Last month, I had the opportunity to moderate an intimate fireside chat with Neil Blumenthal, co-founder and co-CEO of Warby Parker. Warby Parker is one of the tech world’s phenoms, having launched in 2011 to immediate success, and has since grown rapidly.
Neil and I wove a narrative that touched on his early inspiration working at VisionSpring, his time at Wharton getting his MBA, the challenges and pleasures of running a business that has the potential to transform an industry, Warby Parker’s strategy, and getting to be on Oprah. Hosted by Columbia University’s School of International and Public Affairs, from which I graduated in 2013, the event can be viewed on video when it is released.
But a favorite moment of the audience’s — and mine, too — happened when I asked him if men really can have it all, and if so, what the pre-conditions are.
Frequently, moderators ask female CEOs about her family. As an audience member to many of these interactions, this has always irritated me since male CEOs typically do not get the same types of questions. It’s not that questions about family are inherently bad. As a society, we should increasingly have conversations that acknowledge the complexity of juggling work and life and encourage the multi-faceted lives that people lead. It’s that it’s almost always only women who are asked the question.
So I asked Neil, and here’s what happened:
Neil took the opportunity to talk about his rockstar entrepreneur wife, Rachel Blumenthal, the first entrepreneur in the family, who had grown a successful jewelry business (named one of Oprah’s Favorite Things). Rachel, in fact, put Neil through business school when he decided to make the transition from VisionSpring to creating his own company.
He also spoke about the questions Rachel would get from VCs when she sought to capitalize her venture, which unsurprisingly but disappointingly ranged from the absurd to the downright offensive and which would never have been asked of male entrepreneurs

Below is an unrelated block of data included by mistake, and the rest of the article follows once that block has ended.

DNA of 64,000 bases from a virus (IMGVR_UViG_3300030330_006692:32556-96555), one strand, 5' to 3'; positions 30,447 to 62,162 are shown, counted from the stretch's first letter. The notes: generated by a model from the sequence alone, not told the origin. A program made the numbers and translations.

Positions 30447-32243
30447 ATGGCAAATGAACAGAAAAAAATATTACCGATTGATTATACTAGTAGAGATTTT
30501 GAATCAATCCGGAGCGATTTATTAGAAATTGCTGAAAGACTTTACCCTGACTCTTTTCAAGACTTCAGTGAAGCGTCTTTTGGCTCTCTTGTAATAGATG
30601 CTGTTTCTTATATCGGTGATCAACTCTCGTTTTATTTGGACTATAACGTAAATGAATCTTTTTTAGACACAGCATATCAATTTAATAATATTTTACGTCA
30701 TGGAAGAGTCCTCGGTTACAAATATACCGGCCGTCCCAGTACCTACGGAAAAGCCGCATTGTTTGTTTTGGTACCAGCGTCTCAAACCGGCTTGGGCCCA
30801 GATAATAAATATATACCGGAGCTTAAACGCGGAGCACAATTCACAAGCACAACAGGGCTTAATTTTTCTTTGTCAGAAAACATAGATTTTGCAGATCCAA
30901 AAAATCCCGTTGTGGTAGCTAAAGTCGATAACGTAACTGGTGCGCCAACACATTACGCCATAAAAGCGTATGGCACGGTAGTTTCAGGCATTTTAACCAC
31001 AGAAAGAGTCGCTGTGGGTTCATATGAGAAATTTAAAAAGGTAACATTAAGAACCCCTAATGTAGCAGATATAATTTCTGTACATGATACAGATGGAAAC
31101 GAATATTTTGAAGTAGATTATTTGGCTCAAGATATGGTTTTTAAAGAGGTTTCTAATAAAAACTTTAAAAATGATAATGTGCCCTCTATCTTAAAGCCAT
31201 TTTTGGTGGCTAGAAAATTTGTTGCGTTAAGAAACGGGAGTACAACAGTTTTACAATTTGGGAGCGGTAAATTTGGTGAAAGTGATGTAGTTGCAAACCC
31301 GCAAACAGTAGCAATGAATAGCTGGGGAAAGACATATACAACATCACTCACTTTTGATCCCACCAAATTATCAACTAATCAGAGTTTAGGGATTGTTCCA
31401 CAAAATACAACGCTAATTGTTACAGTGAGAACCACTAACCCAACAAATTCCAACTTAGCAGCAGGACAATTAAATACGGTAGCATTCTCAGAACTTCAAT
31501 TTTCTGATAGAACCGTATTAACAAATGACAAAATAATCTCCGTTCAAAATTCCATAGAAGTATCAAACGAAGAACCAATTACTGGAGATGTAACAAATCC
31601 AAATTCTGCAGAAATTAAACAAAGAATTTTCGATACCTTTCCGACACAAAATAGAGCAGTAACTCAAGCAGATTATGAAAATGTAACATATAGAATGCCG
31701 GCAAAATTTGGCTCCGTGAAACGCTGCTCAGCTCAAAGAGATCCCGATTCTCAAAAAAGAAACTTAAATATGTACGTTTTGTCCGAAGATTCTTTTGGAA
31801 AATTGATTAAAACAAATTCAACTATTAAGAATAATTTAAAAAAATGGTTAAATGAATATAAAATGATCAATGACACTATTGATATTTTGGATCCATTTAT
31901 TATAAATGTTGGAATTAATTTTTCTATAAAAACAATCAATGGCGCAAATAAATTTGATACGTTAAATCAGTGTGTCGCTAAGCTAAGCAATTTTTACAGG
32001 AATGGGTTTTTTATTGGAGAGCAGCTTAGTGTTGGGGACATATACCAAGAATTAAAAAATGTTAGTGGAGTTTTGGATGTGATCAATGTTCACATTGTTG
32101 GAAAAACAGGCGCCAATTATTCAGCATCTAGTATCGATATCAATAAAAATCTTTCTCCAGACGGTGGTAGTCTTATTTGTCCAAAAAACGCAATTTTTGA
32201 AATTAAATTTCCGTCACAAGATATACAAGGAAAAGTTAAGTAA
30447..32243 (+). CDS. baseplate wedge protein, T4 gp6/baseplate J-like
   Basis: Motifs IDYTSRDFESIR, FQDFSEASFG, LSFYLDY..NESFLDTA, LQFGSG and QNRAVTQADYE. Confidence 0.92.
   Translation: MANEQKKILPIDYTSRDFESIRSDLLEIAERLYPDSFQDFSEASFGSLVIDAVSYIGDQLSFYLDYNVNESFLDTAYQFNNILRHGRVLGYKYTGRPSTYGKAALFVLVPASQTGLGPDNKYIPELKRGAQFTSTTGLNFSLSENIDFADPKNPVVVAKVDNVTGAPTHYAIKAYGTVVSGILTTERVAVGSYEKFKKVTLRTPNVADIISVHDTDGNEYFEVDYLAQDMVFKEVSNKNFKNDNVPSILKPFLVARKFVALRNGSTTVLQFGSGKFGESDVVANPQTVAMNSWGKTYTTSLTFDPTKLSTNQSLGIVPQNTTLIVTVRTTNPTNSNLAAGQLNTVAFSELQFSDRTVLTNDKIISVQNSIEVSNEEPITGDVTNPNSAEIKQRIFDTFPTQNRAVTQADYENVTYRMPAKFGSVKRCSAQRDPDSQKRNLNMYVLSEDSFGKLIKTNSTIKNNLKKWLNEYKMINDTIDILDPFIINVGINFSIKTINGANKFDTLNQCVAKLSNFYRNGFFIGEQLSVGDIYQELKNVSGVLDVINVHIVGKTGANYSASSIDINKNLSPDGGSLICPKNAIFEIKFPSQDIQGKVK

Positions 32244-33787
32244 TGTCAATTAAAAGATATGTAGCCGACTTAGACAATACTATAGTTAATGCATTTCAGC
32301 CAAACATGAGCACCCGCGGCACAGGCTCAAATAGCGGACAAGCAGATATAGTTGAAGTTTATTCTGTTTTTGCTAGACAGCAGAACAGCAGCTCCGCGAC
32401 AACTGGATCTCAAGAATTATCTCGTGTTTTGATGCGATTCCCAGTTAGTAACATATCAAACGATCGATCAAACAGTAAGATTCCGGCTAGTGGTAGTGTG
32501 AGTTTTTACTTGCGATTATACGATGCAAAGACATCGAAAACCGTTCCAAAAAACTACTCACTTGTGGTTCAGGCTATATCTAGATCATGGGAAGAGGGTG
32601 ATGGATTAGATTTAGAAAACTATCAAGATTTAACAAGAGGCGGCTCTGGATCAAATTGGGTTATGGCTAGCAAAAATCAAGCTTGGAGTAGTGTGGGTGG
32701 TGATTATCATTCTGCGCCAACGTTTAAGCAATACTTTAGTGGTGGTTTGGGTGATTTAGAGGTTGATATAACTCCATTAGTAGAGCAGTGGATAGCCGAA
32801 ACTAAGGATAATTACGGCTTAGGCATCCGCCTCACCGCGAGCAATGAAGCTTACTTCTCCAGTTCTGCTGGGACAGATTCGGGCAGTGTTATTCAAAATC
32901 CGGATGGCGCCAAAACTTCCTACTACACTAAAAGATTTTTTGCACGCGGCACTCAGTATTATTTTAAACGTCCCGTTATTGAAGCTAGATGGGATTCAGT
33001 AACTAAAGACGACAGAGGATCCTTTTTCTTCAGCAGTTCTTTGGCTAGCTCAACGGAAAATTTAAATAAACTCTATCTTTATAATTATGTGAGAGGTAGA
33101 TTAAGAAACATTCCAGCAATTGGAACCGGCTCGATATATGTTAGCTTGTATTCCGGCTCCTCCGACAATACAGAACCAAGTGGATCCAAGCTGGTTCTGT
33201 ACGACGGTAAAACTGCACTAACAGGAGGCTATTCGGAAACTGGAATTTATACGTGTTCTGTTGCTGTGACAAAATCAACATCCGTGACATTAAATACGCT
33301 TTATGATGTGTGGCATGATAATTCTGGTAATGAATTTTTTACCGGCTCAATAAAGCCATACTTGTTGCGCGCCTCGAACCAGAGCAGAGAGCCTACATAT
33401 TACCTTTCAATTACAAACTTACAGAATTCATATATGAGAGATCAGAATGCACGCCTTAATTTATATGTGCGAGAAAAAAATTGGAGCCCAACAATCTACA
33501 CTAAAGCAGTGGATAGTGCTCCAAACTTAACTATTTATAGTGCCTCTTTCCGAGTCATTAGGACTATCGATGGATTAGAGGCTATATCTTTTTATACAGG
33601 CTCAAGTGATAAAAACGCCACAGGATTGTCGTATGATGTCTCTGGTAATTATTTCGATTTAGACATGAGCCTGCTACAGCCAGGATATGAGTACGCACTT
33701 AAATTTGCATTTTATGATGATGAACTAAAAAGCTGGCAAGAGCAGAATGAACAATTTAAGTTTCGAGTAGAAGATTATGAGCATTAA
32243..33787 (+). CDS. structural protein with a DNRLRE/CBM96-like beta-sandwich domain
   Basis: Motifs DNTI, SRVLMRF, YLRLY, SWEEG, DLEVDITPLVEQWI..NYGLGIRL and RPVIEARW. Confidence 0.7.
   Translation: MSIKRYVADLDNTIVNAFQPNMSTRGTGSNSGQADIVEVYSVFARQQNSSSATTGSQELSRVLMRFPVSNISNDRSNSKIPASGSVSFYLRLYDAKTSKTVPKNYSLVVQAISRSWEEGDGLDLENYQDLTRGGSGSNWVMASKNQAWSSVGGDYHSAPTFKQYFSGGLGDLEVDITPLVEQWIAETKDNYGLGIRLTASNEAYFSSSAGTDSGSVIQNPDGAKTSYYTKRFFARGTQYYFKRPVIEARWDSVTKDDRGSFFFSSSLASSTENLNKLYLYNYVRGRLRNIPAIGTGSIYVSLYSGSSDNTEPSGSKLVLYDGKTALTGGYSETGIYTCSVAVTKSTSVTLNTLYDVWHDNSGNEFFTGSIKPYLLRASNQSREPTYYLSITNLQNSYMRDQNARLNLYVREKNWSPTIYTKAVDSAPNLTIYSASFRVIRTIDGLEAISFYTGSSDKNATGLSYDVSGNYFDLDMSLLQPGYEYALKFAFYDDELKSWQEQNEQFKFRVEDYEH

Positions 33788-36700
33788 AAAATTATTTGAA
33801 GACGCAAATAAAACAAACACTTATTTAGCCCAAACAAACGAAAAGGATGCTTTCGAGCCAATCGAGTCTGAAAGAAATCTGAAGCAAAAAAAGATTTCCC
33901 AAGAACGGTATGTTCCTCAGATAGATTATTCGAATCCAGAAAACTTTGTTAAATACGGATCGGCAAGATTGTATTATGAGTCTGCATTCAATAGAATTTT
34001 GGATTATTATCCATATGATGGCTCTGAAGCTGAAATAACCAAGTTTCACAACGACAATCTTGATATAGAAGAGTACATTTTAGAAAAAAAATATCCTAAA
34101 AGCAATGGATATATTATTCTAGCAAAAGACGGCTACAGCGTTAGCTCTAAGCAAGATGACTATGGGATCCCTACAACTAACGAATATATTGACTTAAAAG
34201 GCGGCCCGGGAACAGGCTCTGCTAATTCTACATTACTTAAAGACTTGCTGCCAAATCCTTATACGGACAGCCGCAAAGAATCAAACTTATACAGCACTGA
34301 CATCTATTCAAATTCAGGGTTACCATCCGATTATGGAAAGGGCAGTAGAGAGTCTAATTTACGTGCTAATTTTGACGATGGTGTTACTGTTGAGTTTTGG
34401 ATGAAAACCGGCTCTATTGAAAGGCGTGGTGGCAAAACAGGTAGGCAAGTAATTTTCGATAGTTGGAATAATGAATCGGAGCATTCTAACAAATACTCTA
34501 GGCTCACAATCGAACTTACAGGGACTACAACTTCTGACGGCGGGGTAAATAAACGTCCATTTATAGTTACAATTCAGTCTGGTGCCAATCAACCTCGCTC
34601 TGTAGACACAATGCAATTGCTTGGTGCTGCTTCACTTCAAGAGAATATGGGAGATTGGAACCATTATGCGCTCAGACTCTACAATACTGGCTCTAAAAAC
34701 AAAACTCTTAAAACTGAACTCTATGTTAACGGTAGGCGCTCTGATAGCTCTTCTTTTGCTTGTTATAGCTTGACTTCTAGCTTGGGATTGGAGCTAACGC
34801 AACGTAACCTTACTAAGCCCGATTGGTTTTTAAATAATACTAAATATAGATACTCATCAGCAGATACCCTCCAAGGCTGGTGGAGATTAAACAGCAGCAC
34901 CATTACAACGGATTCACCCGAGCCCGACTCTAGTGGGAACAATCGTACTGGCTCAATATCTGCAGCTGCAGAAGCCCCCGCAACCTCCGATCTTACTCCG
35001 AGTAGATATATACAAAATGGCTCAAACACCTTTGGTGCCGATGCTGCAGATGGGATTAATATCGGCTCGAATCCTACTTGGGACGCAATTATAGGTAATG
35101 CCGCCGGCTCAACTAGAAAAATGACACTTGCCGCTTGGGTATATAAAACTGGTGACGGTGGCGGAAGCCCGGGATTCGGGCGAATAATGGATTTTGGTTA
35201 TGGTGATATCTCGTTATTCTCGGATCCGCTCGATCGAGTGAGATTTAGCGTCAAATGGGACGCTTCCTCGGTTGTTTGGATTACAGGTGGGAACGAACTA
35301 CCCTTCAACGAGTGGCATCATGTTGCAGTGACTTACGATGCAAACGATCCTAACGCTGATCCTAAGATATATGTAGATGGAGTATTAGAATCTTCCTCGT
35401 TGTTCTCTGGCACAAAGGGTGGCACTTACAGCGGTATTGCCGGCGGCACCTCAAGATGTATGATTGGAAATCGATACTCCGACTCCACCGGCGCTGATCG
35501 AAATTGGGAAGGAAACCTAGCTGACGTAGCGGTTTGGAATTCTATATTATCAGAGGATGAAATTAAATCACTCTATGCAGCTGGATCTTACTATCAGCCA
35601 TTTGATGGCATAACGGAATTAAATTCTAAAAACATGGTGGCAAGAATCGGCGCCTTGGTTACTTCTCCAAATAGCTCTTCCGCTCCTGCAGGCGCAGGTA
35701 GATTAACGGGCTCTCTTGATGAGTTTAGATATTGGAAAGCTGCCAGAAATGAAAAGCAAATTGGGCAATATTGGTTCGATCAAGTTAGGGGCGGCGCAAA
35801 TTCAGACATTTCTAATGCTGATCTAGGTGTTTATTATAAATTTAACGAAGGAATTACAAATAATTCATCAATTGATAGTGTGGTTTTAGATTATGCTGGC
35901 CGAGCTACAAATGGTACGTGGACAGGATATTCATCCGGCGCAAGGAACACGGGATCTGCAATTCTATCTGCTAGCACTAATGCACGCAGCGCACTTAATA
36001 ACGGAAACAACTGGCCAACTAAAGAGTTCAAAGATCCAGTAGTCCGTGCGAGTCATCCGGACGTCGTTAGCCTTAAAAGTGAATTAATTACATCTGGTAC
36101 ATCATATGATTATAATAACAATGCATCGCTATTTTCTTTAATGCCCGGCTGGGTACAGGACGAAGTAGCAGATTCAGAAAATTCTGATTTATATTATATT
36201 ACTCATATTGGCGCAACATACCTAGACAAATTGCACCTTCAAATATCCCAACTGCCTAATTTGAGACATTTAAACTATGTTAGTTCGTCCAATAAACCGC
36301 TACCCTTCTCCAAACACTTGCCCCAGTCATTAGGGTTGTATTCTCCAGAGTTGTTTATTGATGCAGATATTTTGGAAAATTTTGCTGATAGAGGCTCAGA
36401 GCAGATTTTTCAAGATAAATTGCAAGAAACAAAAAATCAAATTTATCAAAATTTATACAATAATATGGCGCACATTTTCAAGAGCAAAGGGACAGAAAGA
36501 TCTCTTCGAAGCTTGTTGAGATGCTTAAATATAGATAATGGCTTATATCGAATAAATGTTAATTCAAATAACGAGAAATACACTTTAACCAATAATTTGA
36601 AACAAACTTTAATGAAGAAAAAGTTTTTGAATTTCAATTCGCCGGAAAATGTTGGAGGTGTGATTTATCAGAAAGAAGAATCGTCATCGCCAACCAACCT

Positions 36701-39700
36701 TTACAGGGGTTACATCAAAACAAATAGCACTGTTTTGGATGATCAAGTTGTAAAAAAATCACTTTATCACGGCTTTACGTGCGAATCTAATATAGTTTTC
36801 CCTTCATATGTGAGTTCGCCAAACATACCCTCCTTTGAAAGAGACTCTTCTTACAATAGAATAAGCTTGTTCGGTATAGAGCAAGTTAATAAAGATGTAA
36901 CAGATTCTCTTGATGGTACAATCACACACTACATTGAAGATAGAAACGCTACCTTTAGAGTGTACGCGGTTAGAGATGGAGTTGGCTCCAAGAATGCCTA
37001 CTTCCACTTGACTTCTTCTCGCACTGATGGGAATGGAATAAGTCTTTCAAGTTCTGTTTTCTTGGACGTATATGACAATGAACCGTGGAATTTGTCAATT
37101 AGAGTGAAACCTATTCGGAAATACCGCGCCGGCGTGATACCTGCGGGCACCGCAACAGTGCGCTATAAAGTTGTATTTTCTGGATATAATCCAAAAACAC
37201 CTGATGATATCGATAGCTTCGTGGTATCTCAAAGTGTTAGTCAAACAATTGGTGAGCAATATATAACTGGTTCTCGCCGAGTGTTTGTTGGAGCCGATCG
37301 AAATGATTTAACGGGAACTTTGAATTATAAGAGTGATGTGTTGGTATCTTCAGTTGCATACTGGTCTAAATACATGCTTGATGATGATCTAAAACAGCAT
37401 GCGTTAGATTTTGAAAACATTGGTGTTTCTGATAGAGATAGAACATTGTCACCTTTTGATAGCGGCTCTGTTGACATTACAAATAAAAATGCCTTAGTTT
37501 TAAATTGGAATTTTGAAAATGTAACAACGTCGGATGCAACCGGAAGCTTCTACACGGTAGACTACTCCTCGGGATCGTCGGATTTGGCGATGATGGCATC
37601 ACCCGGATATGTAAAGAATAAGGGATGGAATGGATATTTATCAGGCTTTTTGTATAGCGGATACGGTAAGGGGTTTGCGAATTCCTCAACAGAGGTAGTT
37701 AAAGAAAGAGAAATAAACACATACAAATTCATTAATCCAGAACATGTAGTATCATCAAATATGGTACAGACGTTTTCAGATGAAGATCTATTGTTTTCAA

Now with two small children, their challenge has been juggling schedules to accommodate their parenting. Part of the solution involved Rachel licensing her business, but, between having their two children, she also launched a new company called Cricket’s Circle.
And while Neil didn’t explicitly state it this way, these are the things that I took away from our conversation:
• Neil’s comments echo most of the recent calls to action regarding the American workplace: It’s hard regardless of your gender, but it’s particularly harsh on women. “Having it all” requires two parents who have the flexibility, means, and network to create that environment.
• In other words, if you’re poor, a single parent, if your spouse can’t hold down the fort at home, or if you work for an employer that doesn’t offer phenomenal leave, flex, and telecommuting benefits, you’re pretty much screwed.
• Sadly, as the only industrialized country that has yet to implement many of the benefits that would allow people to navigate robust personal and professional lives, we’ve got a lot of work to do to catch up.
My fellow moderators, I challenge you to ask this question of the men you interview: Can we really have it all, and if so, what are the pre-conditions?
If we do so, I expect we’ll get fascinating answers and stories not just about women who have made sacrifices in their careers, but also of women who have financially supported their partners, and men who, as it turns out, also choose to be engaged parents.
Because at the end of the day, toxic work culture affects all of us, regardless of our gender.
This post originally appeared on Medium.
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